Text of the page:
- 7 June 2019 –Application submissions close (proof of endorsement must be submitted at this time)
- 26 July 2019 –Successful grants announced
- March 2020 –Progress report due
- 15 January 2021 –Final report due
- 20 March 2021 –Presentation and workshop day
Frequently asked questions
- Is there any types of research that are excluded?
The following types of research are excluded:
- ‘bench to bedside’
- oncology research
- drug trials
- large infrastructure build projects, such as databases.
- Is there a limit on the number of applicants on the team?
There is no limit on applicants. Collaboration and sponsorship across several areas is encouraged.
- Is there a limit on the number of applications per applicant?
There is no limit, however we encourage chief investigators to commit to only 1-2 applications.
- Does the chief investigator have to be a NSW Health employee to be eligible?
No, no-one on the team has to be employed in the NSW Health system. However, the research must be conducted in NSW and you must explain how your research benefits the people of NSW.
- Can a PhD student apply?
- Do I need to complete an Aboriginal Health Impact Statement?
The purpose of the Aboriginal Health Impact Statement is to support NSW Health staff and organisations to improve the health and wellbeing of Aboriginal people by systematically applying an ‘Aboriginal health lens’ to all policies and programs.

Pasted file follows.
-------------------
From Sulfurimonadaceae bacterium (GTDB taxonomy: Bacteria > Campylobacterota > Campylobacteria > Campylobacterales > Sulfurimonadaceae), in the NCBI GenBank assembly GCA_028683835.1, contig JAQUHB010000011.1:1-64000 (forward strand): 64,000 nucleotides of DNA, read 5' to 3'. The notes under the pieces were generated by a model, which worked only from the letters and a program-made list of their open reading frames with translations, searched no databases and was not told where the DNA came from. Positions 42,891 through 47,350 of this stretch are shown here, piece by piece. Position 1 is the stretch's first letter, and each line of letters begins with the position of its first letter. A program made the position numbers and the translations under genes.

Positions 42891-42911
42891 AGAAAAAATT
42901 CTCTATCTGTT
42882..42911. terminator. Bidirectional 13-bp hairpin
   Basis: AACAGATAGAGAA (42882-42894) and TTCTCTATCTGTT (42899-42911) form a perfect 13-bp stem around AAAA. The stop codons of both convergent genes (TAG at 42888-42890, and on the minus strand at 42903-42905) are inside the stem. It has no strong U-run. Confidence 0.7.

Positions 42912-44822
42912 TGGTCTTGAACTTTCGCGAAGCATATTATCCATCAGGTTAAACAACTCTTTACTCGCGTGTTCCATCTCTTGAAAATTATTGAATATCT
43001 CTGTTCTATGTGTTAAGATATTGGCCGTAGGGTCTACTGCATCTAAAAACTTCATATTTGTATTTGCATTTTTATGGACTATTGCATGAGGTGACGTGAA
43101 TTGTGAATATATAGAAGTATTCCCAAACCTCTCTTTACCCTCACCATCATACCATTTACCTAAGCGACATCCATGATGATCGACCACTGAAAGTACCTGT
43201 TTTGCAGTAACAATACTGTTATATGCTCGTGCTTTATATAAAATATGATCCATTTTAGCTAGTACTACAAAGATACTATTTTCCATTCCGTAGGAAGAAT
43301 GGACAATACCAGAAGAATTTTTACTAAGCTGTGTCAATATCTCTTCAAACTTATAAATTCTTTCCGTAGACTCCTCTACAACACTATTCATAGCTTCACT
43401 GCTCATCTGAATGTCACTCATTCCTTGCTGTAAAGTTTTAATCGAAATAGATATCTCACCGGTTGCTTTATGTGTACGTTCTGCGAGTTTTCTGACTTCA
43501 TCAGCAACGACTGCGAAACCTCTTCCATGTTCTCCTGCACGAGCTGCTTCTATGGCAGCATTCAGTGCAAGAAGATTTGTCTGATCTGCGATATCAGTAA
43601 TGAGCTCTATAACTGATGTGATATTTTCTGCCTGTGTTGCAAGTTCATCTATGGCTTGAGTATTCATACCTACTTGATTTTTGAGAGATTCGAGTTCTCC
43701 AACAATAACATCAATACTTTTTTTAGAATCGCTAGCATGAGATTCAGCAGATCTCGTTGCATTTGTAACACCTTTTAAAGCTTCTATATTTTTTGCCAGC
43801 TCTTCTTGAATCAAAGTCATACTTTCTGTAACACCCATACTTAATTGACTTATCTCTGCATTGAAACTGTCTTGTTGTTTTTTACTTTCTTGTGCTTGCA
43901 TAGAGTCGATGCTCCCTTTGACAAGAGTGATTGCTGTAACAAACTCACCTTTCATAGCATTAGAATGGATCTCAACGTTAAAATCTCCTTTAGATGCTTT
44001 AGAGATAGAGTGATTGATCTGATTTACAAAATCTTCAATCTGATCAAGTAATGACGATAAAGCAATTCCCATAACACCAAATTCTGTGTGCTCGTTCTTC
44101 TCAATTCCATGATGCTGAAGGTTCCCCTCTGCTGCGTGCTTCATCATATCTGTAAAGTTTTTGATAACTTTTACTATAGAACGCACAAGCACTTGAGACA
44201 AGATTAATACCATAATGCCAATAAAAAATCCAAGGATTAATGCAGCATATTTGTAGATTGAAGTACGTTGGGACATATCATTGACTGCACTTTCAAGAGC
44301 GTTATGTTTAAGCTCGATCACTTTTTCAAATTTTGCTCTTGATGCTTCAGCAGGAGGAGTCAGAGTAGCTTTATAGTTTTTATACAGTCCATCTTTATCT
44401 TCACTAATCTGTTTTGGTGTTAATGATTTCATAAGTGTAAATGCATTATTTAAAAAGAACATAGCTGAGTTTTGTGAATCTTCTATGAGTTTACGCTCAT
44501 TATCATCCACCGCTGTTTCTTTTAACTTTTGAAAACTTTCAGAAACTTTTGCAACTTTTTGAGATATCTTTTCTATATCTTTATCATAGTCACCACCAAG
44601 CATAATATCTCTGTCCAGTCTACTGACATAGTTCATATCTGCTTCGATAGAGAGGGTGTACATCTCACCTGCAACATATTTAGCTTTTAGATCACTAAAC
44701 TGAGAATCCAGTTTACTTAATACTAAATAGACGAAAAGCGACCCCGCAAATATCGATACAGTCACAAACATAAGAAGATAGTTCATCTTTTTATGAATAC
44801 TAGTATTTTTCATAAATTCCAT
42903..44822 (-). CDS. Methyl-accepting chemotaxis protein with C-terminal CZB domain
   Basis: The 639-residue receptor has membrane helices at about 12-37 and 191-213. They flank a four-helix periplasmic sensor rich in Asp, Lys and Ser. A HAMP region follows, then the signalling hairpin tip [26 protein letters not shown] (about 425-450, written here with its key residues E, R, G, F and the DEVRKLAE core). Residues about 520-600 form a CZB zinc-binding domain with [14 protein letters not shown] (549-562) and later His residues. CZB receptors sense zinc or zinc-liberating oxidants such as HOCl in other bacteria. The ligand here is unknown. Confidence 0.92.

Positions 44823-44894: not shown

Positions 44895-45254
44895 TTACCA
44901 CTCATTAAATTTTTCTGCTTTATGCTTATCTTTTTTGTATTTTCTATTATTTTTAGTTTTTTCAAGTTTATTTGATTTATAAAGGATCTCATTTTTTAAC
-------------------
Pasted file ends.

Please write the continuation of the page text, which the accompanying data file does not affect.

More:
Whilst the statement is not required for research purposes, AH&MRC ethics approval is required to ensure that the research is undertaken in the interest of Aboriginal people in NSW and that the research is undertaken in a culturally appropriate manner.
- Does the grant allow for infrastructure costs of the coordinating organisation?
We do not allow for infrastructure costs.
- Where can I get more information about developing a research proposal?
The NSW Health Translational Research Grants Scheme has appropriate resources.
- Can the grant be used to cover wages?
Yes, the grant funds can be put towards wages costs.
- How do I know who in the ACI to approach for endorsement?
See Get Involved to review information about the relevant network, taskforce, institutes. Each network page lists the relevant contact (for instance, the network manager). Please contact the manager from the business area that aligns with the topic of your proposal.
- What are the ACI’s strategic priorities for research?
Agency for Clinical Innovation Strategic Plan
- What is the funding for the grant scheme?
Funding for the scheme varies each round. For 2018, a total of $240,000 will be awarded to successful small and medium grant projects. The maximum grant amount is $30,000.